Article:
Tag Archives: haunted

From far beneath our home

I have a story to tell. It’s not mine, it was given to me by my mother, about her father and a house we all shared.

My grandfather was a pragmatic man, often seen with a cigar in his mouth and a drink in his hand. His were not the ways of whimsy.

He had fought in World War II, running away to join the military when he was fifteen. He saw things, though I never knew what, and that made him tough, unflappable. When he returned Stateside, he met my grandmother and the two of them later married. They lived a nomadic life, running a restaurant in one town for a few years, a farm in another. My grandfather was always on the move, even after ensconcing his family in some house or another throughout the midwest. That was just his nature, I suppose, always trailing the Next Big Thing. That’s what brought him to Colorado.

When his first two grandchildren came along, my grandfather became “Poppop” and he settled a bit. By that time, he and ZZ  lived in a yellow brick rancher with my aunt and a pair of Siamese cats in Colorado Springs. My mom and I lived with them. As far as I remember, it was wonderful. I was close to my mom, my aunt and especially my grandmother and I sure did love my Poppop. I still remember his smell, even after all this time. Nonetheless, I intrinsically understood that Poppop, though a jokester, was not prone to flights of fancy. Nothing rattled him. He showed anger, but never fear, never worry. He had an explanation and a plan for everything. He was a solid, down-to-earth man.

Many Colorado towns are built over old mines. Miners would stake their claims, dig their holes, and once prosperity hit, a town would grow up, buildings rising from the rocky ground like weeds. As time passed, the mines shut down but the towns continued to grow and spread until they were over the top of these abandoned man-made tunnels in the earth. There are some years, especially in wet springs, when sidewalks, houses, entire streets will sink suddenly down a collapsed mineshaft.

And there are also nights when the souls of miners who perished under the earth, away from the sun, far from loved ones, resurface to find their ways home. Poppop met one of these miners.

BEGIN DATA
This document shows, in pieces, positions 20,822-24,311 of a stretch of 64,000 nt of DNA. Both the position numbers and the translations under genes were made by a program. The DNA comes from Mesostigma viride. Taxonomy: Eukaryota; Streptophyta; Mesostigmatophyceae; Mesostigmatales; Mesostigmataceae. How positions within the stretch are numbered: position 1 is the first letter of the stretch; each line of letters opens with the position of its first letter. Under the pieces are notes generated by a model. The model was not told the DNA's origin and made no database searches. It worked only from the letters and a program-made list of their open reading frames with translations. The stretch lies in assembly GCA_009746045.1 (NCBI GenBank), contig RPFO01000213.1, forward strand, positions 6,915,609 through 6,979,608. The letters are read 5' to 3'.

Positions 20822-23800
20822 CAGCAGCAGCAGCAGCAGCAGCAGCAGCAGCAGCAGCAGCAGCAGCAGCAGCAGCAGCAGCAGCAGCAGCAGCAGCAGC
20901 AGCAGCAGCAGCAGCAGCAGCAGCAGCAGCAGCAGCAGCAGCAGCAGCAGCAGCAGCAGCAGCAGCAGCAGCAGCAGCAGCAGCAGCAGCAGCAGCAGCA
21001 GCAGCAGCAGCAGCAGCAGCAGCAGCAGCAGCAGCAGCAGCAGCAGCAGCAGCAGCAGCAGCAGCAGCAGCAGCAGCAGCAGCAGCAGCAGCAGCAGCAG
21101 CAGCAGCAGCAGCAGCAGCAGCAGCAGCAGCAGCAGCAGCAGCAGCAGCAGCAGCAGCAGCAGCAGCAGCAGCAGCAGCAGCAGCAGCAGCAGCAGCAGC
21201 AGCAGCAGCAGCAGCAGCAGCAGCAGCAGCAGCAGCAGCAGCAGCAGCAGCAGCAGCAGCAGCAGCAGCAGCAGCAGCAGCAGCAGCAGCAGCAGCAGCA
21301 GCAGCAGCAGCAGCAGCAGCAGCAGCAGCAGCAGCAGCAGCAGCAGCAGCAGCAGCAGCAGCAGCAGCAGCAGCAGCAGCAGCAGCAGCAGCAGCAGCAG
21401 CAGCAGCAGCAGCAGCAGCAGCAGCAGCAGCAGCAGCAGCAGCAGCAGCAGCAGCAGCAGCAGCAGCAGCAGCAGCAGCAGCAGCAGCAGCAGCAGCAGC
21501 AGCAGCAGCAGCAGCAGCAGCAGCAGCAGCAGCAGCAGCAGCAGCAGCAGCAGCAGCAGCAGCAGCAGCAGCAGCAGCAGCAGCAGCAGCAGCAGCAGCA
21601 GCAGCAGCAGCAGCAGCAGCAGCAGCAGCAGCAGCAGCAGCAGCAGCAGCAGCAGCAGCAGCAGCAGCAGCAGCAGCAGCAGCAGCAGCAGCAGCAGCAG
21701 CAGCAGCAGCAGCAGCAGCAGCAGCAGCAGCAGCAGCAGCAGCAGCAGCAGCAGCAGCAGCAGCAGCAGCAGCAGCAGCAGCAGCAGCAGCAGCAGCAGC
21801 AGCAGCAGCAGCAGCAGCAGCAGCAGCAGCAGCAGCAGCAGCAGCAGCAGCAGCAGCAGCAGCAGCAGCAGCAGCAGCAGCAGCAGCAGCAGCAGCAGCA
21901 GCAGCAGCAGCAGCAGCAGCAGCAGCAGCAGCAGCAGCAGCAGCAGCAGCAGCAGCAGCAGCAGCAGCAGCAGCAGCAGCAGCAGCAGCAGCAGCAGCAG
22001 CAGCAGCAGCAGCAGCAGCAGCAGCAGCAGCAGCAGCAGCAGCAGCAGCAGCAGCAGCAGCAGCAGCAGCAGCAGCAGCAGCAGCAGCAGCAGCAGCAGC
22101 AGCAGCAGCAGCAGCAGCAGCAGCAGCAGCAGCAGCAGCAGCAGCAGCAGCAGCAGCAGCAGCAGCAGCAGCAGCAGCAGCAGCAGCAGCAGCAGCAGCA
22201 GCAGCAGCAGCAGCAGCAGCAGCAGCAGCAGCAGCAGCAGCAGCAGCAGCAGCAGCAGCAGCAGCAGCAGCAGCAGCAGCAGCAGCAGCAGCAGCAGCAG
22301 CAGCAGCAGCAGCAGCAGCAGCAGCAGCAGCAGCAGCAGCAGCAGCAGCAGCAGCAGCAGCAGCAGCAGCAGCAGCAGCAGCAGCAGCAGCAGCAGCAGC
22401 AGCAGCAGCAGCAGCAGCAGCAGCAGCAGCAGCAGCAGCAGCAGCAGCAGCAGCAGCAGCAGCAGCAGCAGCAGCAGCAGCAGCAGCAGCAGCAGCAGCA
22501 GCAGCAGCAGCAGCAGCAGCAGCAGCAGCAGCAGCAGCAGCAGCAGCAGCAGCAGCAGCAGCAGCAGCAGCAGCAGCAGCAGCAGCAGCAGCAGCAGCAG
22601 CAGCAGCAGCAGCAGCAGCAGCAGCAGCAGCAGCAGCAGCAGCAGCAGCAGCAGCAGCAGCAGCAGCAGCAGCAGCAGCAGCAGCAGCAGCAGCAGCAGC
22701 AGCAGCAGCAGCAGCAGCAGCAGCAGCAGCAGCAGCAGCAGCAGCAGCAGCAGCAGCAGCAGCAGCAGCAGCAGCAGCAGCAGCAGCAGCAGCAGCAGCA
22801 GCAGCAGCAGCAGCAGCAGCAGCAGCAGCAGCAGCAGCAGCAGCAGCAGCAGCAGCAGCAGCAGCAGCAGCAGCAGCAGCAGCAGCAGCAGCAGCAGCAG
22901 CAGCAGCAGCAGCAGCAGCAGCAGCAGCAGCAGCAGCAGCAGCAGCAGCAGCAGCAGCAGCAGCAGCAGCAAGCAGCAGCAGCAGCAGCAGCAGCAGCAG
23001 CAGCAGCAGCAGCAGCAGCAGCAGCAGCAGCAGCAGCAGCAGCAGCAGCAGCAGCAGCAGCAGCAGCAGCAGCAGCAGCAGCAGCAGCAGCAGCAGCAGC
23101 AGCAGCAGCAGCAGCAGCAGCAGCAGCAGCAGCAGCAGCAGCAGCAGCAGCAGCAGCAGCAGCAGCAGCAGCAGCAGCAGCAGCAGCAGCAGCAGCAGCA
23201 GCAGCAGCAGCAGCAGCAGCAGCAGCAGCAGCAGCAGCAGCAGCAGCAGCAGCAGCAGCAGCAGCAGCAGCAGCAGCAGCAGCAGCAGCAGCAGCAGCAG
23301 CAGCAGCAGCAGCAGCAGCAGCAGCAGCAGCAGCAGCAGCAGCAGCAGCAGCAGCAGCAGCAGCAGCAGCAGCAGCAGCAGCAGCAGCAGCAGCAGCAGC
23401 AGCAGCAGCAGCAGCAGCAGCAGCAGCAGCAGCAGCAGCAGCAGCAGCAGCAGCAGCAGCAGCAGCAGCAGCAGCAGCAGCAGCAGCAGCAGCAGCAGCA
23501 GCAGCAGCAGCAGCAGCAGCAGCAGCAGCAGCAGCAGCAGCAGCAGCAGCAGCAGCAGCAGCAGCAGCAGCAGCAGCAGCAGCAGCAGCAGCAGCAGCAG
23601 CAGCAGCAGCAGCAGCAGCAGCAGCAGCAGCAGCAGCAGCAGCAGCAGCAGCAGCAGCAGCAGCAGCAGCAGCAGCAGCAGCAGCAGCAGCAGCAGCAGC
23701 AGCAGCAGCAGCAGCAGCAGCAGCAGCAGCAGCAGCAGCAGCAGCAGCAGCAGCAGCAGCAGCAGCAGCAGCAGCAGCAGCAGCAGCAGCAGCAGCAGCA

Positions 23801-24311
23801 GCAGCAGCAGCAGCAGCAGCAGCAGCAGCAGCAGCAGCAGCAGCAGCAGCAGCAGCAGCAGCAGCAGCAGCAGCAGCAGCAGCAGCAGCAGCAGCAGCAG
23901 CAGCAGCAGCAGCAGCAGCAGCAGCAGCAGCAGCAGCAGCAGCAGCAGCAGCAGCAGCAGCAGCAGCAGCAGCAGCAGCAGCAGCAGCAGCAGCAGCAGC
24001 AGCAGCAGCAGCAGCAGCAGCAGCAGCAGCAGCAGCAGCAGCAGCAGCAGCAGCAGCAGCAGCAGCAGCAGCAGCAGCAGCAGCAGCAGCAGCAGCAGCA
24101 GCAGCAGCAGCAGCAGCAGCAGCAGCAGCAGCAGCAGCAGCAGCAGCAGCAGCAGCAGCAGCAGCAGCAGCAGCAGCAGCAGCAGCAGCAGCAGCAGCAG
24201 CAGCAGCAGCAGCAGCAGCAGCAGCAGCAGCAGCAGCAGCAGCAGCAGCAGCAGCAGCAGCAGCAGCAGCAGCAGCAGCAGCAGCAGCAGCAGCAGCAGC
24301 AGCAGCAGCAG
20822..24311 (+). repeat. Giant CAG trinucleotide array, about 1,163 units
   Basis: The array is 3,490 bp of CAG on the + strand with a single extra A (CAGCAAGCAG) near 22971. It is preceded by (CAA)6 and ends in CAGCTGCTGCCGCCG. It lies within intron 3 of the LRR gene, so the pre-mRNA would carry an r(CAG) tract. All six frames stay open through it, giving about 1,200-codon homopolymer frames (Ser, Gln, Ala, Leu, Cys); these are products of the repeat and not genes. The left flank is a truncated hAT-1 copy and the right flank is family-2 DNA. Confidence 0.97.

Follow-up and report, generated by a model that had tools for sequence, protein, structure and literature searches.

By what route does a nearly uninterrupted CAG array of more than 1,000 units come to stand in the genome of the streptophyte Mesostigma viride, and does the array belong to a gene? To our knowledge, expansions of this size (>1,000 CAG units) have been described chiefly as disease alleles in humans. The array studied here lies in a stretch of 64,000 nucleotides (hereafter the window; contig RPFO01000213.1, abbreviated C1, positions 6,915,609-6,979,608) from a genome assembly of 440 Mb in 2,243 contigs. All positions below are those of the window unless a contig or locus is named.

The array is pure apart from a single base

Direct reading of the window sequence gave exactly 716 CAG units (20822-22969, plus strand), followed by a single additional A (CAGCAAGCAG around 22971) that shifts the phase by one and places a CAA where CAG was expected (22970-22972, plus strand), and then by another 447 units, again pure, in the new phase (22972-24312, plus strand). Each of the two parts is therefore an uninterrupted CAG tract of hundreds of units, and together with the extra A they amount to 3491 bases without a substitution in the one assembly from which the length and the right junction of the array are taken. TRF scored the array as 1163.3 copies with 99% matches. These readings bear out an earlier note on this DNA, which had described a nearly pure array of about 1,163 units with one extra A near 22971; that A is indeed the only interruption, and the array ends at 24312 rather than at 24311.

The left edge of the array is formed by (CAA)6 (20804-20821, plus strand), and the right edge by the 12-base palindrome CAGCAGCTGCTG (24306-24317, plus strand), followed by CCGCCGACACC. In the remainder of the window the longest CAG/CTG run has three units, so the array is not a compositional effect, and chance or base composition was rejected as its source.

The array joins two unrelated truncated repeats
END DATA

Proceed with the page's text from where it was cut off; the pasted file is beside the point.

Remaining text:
Chelton road

Our story takes place in this neat, quiet neighborhood.

After ZZ & PopPop moved into the little yellow brick house, the women-folk of the family started feeling things: a malevolent presence, something bad. Poppop laughed at his wife and daughters, made fun of them, did not believe them, yet, still, they warned him: there was something not right in the house.

He was a land salesman at the time and early one morning, he was getting ready to go to work. He finished his bathroom ablations, smacking aftershave on his newly-smoothed cheeks, then he crossed the hallway and walked into the living room, no doubt thinking of the day before him. As he turned toward the kitchen where the coffee waited, he happened to glance to his right and saw someone sitting on the couch. Not someone who lived in his house, though. There was an old miner, sitting, waiting. He looked at my grandfather…and then he faded away.

Colorado miners

“Skip 750 ft. under ground in Colorado mine”
Are any of these men currently haunting people in their living rooms?

The man who felt no fear, who mocked his family for their otherworld sensitivities, who never ran away with his imagination had just seen a ghost and it freaked him out. He was so alarmed, he rushed to tell ZZ what had happened, admitting she’d been right, the house was haunted.  He was still visibly shaken or, as he may have put it, “scared shitless,” by the time my mom heard his tale. I imagine she felt rather smug seeing her father in a tizzy over a ghost when the rest of the family had been living with it all along.

After enough time passed, he stopped talking about his experience. In fact, he never spoke of it again. But he also never tried to convince anyone that ghosts don’t exist again, either.

As it turns out, the ghost of the miner was just passing through. It wasn’t the source of the hateful feeling found in the house. No, that one stayed and you’ll hear more about it next week.


Filed under My Dearly Beloveds, My journey to writerhood

‘Tis the season to be scary

The spiced cider is burbling away in the kitchen, candles are flickering, and there’s a strong wind rattling the windows. Have a seat in my little cabin and let me tell you a story, a mild tale intended more for wonder than fright.